pitch of big votes come then nothing happened, people resigned, nothing happened. it feels like it was also inconsequential, it was incredibly stressful, i think the entire country became incredibly stressed about it all. and the outcome of the election was just a sort of sense of relief. i think as a journalist, i'm now looking forward to clicking the ties of a few other bits of public policy, welsh a&e tweeting —— waiting time things come out today, some of the bits of the public realm that are really showing strength you may think magistrates' court seems to be really on the brink, and actually come all of that stuff has been crowded out by the news but the latest bit of pungent duty drama, but actually come i think it's not going to be the honeymoon period for boris johnson that you would expect from an 80s seat majority, because there are somethings that have not had the tension that they really should've had for years now. we will have to get a bit more proactive because there has to be a natural sense that you are so tied up in reacting to massive events that happen time and time again,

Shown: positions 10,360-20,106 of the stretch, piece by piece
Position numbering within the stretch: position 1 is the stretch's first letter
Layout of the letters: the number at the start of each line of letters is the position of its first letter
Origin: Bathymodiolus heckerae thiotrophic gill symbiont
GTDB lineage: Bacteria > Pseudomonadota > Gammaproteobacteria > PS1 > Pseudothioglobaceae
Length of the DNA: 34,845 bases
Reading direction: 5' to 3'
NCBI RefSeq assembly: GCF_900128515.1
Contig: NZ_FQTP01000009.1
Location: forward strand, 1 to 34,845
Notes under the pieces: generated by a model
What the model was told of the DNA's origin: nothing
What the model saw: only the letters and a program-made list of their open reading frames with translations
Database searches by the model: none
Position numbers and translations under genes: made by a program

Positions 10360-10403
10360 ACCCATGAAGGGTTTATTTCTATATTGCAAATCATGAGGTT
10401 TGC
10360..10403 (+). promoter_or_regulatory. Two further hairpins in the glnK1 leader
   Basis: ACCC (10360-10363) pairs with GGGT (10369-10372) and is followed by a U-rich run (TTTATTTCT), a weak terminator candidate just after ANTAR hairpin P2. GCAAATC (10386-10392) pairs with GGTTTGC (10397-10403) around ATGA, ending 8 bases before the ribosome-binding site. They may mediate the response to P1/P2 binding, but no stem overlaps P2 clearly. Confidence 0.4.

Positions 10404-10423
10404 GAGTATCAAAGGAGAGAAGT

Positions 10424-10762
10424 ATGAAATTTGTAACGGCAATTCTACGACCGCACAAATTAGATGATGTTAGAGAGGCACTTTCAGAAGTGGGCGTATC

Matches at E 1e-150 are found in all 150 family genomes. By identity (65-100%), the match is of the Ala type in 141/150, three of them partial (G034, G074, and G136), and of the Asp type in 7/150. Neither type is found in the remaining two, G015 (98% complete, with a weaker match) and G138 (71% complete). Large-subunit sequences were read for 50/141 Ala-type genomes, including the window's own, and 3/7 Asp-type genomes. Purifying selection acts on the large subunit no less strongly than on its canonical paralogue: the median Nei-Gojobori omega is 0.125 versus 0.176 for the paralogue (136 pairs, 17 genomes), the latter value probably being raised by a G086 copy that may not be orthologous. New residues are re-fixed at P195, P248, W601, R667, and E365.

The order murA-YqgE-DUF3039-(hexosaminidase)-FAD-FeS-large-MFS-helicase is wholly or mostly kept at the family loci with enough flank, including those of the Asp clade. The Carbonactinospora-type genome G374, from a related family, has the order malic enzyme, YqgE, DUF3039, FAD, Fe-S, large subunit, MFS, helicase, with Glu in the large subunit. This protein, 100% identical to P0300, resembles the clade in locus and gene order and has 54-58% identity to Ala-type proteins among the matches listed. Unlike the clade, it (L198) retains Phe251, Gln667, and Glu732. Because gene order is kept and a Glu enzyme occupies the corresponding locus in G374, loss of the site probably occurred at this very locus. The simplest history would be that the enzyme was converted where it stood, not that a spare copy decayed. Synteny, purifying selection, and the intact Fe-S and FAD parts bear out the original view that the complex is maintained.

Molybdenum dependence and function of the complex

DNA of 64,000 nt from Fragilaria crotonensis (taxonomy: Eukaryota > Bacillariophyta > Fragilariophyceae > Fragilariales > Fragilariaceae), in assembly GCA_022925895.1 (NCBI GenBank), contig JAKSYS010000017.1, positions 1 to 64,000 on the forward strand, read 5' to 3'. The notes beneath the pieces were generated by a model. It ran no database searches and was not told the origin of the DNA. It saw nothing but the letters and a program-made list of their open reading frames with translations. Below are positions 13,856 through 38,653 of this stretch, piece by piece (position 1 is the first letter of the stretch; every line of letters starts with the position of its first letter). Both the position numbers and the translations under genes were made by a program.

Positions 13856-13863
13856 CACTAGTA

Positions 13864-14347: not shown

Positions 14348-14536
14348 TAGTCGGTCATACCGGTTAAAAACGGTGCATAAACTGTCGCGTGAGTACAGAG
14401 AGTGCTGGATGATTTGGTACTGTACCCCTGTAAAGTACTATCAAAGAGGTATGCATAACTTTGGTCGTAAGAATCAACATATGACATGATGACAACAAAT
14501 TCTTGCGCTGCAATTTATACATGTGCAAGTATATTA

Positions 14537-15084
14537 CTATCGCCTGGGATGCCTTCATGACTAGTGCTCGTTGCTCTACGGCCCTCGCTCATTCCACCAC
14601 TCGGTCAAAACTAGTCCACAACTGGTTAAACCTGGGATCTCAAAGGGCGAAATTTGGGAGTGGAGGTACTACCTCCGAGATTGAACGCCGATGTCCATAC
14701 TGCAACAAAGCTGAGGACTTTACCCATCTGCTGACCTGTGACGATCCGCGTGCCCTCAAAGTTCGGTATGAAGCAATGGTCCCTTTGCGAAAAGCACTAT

and others an opportunity to be really proactive and find out about all of that stuff that we had for a while, that's a pretty good opportunity if you are looking at it from that perspective. to think anyone in the continental part of europe is actually noticed? don't forget, there are formalities to come here as well. the european parliament now has to rectify the brexit deal now that our parliament has done that. so that's going to happen on wednesday. meps are gearing up towards that. but, of course, this is also a smug moment for michel barnier, because this is where he says to everybody, you charged me with getting an orderly withdrawal of the united kingdom, just imagine if we were heading into was a no—deal brexit. actually you know no one is going to really noticed much difference that after brexit, because you are in this sort of standstill transition agreement the next day, so he is sort of patting himself on the back. are yyou suggesting that sometimes politicians might be smug? they are none of them investments are at the moment, by the wayjust to be clear, there is no one. none of that at all. none of that smug. none of that posturing or daft ideas, none of that going on. i think on the other side you know,